By GadgetGuy - Published on
Format: Paperback
I've been an intermediate Flash guy for years. The simplicity of ActionScript 1 and 2 made them easy to grasp for all the basics, but the limitations were also abundantly clear.

When ActionScript 3 debuted, I was excited that it had finally become a "real" programming language. But despite being a programmer since before there was an Internet, I found much of ActionScript 3 to be confusing, and honestly, intimidating.

I tried doing it on my own, and I tried other books. But they were either too focused on the language itself and lacked context for the sorts of real-world tasks one does in Flash, or they didn't go deeply enough. ActionScript 3.0 Visual Quickstart Guide finally struck the right balance -- at least for me, and my learning style.

As a programmer, I didn't need to be spoon-fed the basics of variables and control structures. But as a UI guy, I also needed practical, real-world examples like working with dynamic text, interfacing with the outside world, and loading assets.

Quite literally within minutes, I was able to use the straightforward, clear examples and explanations to whip-out Flash movies with ActionScript 3.0 handling the heavy lifting, and finally achieve some things I'd be struggling for months to learn through searching for code examples found online.

Two things are clear from reading the book, however:

1. While the book does cover the basics, people completely new to programming are probably going to be more lost than anything. This is a small book, and the content is relatively brief. If you want your hand held from a standing non-programmer start all the way to ActionScript expert, this probably is not your book. You should understand what programming is, and basic concepts (like variables and control) before you start. This book will help you connect that knowledge to ActionScript 3.

2. You're not going to become the world ActionScript 3 expert by reading this book. You'll get a superb foundation that will give the typical Flash designer/programmer everything they need, and a range of core knowledge that you can augment with some of the "deeper" books, web searches, or just plain reading the Flash manual. But I suspect that most readers, like me, will come out of this book with the stuff you really need for most real-world Flash work.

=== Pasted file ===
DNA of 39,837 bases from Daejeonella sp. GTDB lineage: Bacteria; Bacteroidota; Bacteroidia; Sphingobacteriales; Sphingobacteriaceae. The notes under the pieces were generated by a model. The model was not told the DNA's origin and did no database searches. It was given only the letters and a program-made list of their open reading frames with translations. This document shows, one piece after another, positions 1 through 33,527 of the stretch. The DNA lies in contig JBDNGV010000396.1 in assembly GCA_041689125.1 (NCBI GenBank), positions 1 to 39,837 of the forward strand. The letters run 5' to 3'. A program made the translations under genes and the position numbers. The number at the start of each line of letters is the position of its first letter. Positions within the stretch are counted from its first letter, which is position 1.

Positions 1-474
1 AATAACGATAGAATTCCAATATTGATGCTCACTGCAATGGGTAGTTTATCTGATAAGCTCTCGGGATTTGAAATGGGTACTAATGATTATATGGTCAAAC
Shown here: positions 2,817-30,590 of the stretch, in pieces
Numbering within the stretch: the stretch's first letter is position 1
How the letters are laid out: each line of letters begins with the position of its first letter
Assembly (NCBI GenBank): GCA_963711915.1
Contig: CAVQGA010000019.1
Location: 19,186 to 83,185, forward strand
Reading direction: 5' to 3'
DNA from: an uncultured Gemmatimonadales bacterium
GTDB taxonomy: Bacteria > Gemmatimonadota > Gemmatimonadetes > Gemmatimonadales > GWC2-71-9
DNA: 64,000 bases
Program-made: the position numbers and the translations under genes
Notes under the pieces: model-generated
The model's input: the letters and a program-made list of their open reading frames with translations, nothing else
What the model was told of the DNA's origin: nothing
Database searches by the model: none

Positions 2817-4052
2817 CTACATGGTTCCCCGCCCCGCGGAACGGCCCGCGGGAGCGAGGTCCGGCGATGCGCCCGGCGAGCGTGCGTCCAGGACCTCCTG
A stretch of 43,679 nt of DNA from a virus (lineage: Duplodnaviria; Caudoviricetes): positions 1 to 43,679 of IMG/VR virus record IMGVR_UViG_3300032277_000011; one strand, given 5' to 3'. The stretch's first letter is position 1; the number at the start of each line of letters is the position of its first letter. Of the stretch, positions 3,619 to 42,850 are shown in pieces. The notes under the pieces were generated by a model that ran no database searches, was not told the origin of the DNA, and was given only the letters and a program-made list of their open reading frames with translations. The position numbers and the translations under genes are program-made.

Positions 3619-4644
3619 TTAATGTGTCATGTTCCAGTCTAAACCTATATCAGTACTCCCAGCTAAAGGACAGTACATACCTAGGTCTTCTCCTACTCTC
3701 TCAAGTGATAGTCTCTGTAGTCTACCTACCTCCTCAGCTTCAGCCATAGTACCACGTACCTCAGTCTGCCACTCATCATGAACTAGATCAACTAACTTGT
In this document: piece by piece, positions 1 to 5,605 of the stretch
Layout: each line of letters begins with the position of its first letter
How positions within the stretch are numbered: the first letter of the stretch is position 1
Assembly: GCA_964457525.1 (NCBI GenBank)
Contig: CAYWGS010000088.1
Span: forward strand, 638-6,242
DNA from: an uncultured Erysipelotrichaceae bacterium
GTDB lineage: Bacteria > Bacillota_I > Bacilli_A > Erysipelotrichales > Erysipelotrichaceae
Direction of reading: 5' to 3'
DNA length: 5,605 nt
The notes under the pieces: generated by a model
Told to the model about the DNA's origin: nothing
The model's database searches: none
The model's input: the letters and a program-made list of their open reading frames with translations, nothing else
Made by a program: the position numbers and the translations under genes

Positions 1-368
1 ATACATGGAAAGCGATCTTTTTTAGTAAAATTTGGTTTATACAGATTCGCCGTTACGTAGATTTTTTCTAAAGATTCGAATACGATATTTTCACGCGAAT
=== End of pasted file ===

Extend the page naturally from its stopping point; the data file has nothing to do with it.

In summary, the book is well planned out, well written, and the examples -- every single one I tried -- worked as written, free of the typos, errors and omissions that seem to plague other ActionScript 3 books (based on reading reviews here at, anyway).

While your mileage may well vary, for me, for my learning style, and for someone of my experience level, this book was perfect, and finally (FINALLY!) the ActionScript 3 guide I was looking for.
11 of 11 people found the following review helpful
The one for Designers 14 Jan. 2009
By discordio - Published on
Format: Paperback
I bought the three main actionscript 3.0 books out there and this is the one I should have started with. Unlike the other two, this one is actually aimed at those of us who are predominantly visual designers and who are migrating from 2.0 to 3.0. Because I taught myself 2.0, I had a bunch of bad practices which probably made the jump to 3.0 even more daunting. This book starts out simply and builds upon itself in a manner that is never intimidating. The 'Learning Actionscript' book is much more suited to programmers who are moving into flash. This book is best for flash or visual designers who are migrating and just want to be able to program in 3.0. 'Essential Actionscript' seems best for after you've already become comfortable and need an extensive reference guide.
6 of 6 people found the following review helpful
Great reference manual for quick answers 12 Oct. 2008
By Diane Cipollo - Published on
Format: Paperback